Preferred shares rush expected
Lenders that meet regulator's tier-1 or core capital requirements will be allowed to issue preferred stock instead of selling common equity
A new regulation is likely to spur mainland banks to flood the market with preferred shares this summer as they flock to the fresh funding channel to replenish capital in order to satisfy Beijing's tougher capital adequacy requirements.
Banks that met the banking regulator's tier-1 or core capital requirements would be allowed to issue preferred shares, the China Banking Regulatory Commission said in a weekly briefing on April 18.
Preferred stock will allow banks to raise capital without selling dilutive common equity. The shares can be converted into common stock if capital ratios fall below a certain level.
"Preferred stock is a major funding channel for commercial banks to replenish their tier-1 capital and would help optimise commercial banks' capital structure," said Kelvin Leung, a Greater China banking and capital markets leader at accounting firm EY. "In addition, the lenders would seek capital through asset securitisation and issuing eligible tier-2 bonds.
"I do not see them coming to the equity market for now," he added, referring to low valuations of mainland banks and the relatively higher cost compared with issuance of preferred stocks.
Pudong Development Bank will be the first mainland bank to issue preferred shares. It has announced it will raise up to 30 billion yuan (HK$37.3 billion) in a private placement of preferred shares with up to 300 million shares sold to up to 200 investors.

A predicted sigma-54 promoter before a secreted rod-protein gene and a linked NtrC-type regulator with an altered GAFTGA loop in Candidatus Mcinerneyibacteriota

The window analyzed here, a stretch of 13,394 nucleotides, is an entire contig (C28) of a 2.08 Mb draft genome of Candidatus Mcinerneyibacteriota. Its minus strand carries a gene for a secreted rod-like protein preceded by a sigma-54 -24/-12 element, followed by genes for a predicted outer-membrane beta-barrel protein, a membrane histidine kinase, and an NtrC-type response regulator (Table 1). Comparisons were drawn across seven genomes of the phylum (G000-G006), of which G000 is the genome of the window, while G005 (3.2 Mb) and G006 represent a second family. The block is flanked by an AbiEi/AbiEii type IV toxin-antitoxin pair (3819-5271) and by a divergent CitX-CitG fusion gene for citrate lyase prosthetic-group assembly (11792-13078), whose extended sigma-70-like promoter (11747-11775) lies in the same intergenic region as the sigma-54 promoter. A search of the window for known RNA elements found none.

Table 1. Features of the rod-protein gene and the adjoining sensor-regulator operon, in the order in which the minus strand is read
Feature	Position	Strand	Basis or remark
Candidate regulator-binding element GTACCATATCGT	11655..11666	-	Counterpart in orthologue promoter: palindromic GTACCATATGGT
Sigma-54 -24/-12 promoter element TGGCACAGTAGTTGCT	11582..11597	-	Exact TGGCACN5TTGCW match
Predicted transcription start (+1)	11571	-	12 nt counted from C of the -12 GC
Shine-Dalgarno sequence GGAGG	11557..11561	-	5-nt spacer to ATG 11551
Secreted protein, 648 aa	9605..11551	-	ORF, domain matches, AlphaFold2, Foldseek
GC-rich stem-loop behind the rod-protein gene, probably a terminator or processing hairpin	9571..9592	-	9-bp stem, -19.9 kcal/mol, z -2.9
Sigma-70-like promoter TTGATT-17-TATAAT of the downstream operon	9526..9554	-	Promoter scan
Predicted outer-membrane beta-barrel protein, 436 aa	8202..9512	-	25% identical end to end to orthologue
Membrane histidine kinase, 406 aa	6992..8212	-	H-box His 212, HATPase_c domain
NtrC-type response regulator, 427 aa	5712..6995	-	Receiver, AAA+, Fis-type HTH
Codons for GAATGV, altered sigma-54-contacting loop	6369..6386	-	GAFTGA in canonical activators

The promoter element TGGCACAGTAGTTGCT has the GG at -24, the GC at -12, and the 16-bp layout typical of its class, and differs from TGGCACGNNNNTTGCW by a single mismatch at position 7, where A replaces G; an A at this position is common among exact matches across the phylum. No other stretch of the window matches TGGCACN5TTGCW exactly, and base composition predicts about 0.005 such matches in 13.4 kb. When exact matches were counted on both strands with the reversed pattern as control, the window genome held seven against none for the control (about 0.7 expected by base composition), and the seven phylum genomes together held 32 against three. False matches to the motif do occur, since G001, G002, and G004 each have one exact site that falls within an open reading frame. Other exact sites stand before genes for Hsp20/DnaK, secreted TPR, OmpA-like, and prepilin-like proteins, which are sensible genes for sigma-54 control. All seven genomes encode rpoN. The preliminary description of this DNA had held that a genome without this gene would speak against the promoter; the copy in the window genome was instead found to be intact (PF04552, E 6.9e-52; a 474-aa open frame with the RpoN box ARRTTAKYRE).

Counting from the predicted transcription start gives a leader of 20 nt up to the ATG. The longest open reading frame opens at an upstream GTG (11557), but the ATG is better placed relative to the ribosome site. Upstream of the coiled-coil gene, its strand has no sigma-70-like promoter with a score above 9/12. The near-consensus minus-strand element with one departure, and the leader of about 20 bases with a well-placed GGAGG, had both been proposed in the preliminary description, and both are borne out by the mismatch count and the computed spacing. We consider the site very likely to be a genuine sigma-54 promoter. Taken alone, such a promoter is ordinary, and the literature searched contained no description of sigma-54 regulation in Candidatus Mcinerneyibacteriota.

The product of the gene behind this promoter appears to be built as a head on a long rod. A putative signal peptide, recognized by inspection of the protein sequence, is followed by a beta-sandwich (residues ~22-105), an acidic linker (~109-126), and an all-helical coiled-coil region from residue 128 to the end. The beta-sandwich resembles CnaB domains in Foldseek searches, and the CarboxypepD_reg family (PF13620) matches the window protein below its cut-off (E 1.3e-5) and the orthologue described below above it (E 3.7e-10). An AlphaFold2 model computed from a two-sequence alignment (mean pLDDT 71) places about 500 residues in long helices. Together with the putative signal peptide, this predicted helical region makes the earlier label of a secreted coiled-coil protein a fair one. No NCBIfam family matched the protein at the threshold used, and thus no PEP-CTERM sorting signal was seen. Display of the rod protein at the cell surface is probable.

Meanwhile, Agricultural Bank of China, one of the country's Big Four banks, plans to bolster its capital base with up to 80 billion yuan in preferred shares. Analysts expect more to follow.
"We expect the Big Four banks will follow suit and issue preferred shares at relatively low cost," BNP analyst Judy Zhang said. "We expect the funding cost of the preferred shares to be … much lower than its global peers' funding cost on preferred shares, 200 basis points above the yield of financial bonds issued by global peers."
As of the end of last year, Beijing-based Hua Xia Bank and Ping An Bank were still short of the regulator's new capital adequacy requirement.
Hua Xia's capital adequacy ratio stood at 9.88 per cent, while Ping An Bank's ratio was at 9.9 per cent.
In addition, Bank of Beijing, China Minsheng Bank, Industrial Bank, Pufa Bank and China Everbright Bank all had ratios just a little above the requirement and are expected to seek to boost their buffers, especially amid a steady rise in bad debts.
The mainland implemented tougher requirements on lenders' capital in January last year. Under the new rules, the capital adequacy ratio of "systemically important" banks - namely the Big Four - is required to reach 11.5 per cent by 2018, while other banks will need to reach 10.5 per cent by then.
A BNP report showed that, when write-offs were included, the gross non-performing loan ratio at all Hong Kong-listed mainland banks was up 12 per cent quarter on quarter in the first quarter of this year.